Laser/light applications in ophthalmology: Posterior segment applications

Victor M. Villegas, Timothy G. Murray, Amy C. Schefler, Charles C. Wykoff

Research output: Chapter in Book/Report/Conference proceedingChapter

Abstract

Among medical fields, ophthalmology has perhaps the richest history with regard to the widespread application of laser technologies. The first experimental use of laser in ophthalmology was that of the German ophthalmologist Gerd Meyer-Schwickerath, who began using the Beck arc in 1949 (Abramson. Acta Ophthalmol Suppl, 194:3-63, 1989; Neubauer and Ulbig. Ophthalmologica 221(2):95-102, 2007). By 1954, Meyer-Schwickerath had treated 41 patients with the xenon arc photocoagulator and by 1957, he reported that he was able to close 82 macular holes with this technology (Abramson. Acta Ophthalmol Suppl, 194:3-63, 1989). Working together with Littmann from the Carl Zeiss Company, he created a similar xenon arc photocoagulator which became available for widespread ophthalmic applications in the late 1960s and was used more frequently in the 1970s. Since then, lasers have been used with notable success for a wide variety of ophthalmic conditions including refractive error, glaucoma, lens-related conditions such as posterior capsular opacification, and retinal conditions including diabetic retinopathy and age-related macular degeneration.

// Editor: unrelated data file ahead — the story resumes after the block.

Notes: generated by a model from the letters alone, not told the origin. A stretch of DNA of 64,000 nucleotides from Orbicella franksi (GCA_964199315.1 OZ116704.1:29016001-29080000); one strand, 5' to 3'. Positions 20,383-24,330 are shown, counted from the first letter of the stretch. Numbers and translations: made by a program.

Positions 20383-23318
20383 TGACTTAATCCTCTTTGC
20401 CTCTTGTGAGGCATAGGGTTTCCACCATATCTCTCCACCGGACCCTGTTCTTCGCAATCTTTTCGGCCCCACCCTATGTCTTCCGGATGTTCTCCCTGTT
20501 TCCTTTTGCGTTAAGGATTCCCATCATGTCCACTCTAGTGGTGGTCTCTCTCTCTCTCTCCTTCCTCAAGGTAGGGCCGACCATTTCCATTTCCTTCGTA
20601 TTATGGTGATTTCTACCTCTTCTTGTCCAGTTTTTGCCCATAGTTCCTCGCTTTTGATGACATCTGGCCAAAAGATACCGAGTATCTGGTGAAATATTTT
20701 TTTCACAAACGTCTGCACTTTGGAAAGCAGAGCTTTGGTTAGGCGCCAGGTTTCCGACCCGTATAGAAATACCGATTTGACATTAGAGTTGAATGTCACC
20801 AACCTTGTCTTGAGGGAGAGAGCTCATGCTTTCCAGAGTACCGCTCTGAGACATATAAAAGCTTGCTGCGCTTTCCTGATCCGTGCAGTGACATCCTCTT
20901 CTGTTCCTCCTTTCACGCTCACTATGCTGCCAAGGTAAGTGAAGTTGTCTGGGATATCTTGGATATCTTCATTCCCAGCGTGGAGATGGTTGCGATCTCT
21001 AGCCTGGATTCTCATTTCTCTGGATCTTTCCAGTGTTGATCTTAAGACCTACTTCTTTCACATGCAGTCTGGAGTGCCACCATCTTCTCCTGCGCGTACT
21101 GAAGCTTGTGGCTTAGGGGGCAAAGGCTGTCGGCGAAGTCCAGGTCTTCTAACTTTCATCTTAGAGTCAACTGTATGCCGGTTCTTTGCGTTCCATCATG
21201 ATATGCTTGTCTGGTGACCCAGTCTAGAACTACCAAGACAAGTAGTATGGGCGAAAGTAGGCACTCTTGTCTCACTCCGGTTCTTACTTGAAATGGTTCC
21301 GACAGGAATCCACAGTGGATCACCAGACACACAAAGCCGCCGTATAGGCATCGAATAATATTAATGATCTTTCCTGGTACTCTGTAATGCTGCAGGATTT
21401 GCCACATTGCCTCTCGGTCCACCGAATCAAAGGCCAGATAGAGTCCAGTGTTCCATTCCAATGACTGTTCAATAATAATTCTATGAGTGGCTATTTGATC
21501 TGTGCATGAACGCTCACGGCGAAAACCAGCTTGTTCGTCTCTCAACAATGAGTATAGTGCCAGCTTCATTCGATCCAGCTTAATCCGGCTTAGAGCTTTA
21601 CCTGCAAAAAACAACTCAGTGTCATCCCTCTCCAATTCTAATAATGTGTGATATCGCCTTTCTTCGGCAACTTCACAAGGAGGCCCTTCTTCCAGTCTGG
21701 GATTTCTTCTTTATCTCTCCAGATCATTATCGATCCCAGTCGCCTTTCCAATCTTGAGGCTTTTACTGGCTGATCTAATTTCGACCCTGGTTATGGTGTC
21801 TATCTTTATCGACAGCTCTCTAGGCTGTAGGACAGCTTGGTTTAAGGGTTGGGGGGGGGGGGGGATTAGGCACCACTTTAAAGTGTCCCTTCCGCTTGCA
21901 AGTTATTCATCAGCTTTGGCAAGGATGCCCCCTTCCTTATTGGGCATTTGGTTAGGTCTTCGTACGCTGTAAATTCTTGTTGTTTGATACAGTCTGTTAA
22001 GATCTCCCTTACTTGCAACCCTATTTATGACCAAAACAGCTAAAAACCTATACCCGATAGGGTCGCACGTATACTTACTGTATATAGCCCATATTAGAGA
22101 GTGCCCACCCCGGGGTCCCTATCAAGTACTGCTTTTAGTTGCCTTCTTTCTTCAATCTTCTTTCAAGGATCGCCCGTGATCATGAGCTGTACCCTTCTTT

Original languageEnglish (US)
Title of host publicationLasers in Dermatology and Medicine
Subtitle of host publicationDental and Medical Applications
PublisherSpringer International Publishing
Pages17-32
Number of pages16
ISBN (Electronic)9783319762203
ISBN (Print)9783319762180
DOIs
StatePublished - May 24 2018

Keywords

  • Age-related macular degeneration
  • Diabetic retinopathy
  • Glaucoma
  • Laser therapy
  • Ophthalmology
  • Posterior capsular opacification
  • Refractive error
  • Retinoblastoma
  • Uveal melanoma

ASJC Scopus subject areas

  • Medicine(all)
  • Dentistry(all)

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